Move over, “Lost in Space” and “The Terminator,” because now there’s another once-great franchise struggling to get out of pop culture purgatory — and Jack Ryan is the kind of guy who typically wins the battle.
Amazon has greenlit a 10-episode series titled “Jack Ryan,” starring John Krasinski as a long-way-from-“The Office” CIA super agent. A prequel of sorts, the show will follow a modern Ryan thrust into his first life-threatening field assignment, one involving global terrorism.
But as exciting as that may seem, Tom Clancy fans can be forgiven for not re-upping their Prime memberships just yet. The character’s onetime can’t-miss status at the box office pretty much fizzled around 2002, when Ben Affleck took over the role for the highly-publicized, underperforming “The Sum of All Fears.” 2014’s wannabe-reboot “Jack Ryan: Shadow Recruit” similarly tried to turn Chris Pine into the new Harrison Ford, but also didn’t do the franchise any favors.
So, with the understanding that one more failure could put Ryan down for good, what will it take to bring the character back for good? Here are a few things fans will be hoping to see.
Make his virtue relevant again
When you think about it, the makers of “Jack Ryan” face the same issue that Bryan Singer (and now, Zack Snyder) have faced with Superman. Decades ago, the notion of a 100 percent pure, virtuous, non-ironic hero was perfectly plausible. Nowadays, however, it is one of the most difficult things a storyteller could try to pull off.
Like Superman, Jack Ryan’s defining trait is that he is a hero guided by a conscience that always chooses right over wrong. There are no Jack Bauer-esque moments of stooping to the criminal’s level, no Jason Bourne-like questioning of himself, no Deadpool winks at the camera. Sure, he’ll drop a few F-bombs and engage in some gunplay, but Jack Ryan’s main weapon is the simple truth. So, can a modern-day audience relate to a hero who stays on his pedestal?
Go back to the books
There’s a very good reason why Tom Clancy sold 100 million copies of his books, and although he is no longer around to watch over his characters, any content creators who ignore his source materials do so at their own peril.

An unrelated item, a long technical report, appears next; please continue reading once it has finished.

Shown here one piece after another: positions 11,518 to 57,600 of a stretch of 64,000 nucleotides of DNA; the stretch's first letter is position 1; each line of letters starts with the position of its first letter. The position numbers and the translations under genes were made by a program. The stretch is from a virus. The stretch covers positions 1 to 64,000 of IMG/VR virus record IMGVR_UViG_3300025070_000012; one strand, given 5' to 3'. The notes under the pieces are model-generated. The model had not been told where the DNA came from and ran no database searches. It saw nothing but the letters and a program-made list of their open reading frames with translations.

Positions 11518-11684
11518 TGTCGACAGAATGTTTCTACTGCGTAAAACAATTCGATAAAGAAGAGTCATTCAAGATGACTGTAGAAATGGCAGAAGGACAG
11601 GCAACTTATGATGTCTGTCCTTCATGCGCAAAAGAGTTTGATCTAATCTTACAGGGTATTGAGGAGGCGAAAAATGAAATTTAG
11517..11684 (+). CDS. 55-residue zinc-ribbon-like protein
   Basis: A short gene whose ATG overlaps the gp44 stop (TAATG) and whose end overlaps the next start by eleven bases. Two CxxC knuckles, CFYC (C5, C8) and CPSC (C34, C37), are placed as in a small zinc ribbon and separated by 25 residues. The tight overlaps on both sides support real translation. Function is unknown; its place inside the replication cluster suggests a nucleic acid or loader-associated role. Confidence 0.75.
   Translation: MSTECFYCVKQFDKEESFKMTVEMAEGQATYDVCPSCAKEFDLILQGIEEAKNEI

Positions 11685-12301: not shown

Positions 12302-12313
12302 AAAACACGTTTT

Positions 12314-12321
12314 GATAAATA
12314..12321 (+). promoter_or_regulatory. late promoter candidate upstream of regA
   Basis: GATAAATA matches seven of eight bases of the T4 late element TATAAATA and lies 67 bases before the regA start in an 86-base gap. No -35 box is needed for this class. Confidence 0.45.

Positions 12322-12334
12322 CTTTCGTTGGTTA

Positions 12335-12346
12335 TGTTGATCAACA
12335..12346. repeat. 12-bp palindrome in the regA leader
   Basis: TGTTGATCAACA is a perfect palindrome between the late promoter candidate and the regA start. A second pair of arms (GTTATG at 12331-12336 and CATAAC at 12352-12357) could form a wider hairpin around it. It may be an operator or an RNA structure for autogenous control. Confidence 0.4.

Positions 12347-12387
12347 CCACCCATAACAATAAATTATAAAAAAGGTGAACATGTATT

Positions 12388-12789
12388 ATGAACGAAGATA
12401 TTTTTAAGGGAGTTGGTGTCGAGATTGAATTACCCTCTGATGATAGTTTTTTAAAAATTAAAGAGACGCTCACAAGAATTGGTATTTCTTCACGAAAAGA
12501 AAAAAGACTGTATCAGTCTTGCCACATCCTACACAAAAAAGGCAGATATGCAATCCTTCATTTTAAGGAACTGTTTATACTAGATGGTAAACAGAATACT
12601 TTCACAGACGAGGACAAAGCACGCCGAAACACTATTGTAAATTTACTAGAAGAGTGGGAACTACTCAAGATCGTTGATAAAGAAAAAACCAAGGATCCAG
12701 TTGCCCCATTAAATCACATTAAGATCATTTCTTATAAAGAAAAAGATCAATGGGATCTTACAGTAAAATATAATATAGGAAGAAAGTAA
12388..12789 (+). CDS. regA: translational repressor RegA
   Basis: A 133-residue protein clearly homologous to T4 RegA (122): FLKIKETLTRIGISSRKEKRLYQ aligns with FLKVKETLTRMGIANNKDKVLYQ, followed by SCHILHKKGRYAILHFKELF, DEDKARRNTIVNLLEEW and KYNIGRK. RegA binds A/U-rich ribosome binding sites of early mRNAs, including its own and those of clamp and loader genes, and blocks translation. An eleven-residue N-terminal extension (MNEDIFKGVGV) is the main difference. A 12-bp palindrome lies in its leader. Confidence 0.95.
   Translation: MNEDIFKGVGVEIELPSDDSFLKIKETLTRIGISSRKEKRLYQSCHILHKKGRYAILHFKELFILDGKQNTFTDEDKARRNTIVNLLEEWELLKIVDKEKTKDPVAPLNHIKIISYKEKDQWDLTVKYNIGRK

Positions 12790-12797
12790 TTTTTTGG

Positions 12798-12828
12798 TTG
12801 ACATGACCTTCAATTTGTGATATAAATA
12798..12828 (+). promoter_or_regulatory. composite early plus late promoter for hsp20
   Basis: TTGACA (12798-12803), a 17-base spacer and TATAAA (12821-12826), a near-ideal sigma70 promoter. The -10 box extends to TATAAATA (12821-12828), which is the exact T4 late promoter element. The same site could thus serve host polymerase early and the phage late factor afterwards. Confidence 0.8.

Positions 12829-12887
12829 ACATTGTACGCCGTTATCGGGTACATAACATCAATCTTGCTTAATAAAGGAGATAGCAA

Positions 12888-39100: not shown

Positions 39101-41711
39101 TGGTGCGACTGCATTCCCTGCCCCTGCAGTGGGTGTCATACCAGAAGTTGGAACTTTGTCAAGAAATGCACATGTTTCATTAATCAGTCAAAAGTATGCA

Since “Jack Ryan” will detail the character’s early days, the show is in luck. The books “Patriot Games” and “Red Rabbit” go into great detail explaining an origin story that has everything from his military service to his parents dying in a plane crash to his first heroics. Although it’s understandable to change some details to make the tale more modern (heck, “The Hunt For Red October” movie did the same thing), the key elements are a formula with a proven track record.
Get into real world affairs
Clancy was a very political guy, and was extremely well-researched. So, he never had to hide his prose behind generic villains, but instead chose political intrigue centered around real-life events. Right now in pop culture, nobody is doing that.
Could it be because the Cold War is over, and the world is less volatile? We wish. With Russia once again engaged in an icy relationship with the U.S. and all kinds of questions about the role (and limitations) of intelligence agencies in the modern era, “Jack Ryan” could find plenty of meat on the bone.
The ‘Junkyard Dog’ quote
Possibly the most iconic moment in all the Jack Ryan movies combined, 1994’s “Clear and Present Danger” had the CIA agent uncovering a presidential cover-up — then attempting to call out the big man himself. Although it is veteran character actor Donald Moffat who gets to deliver the line, it has become a classic. If the screenwriters want to throw the fans a bone, they’ll sneak a junkyard dog reference in there somewhere.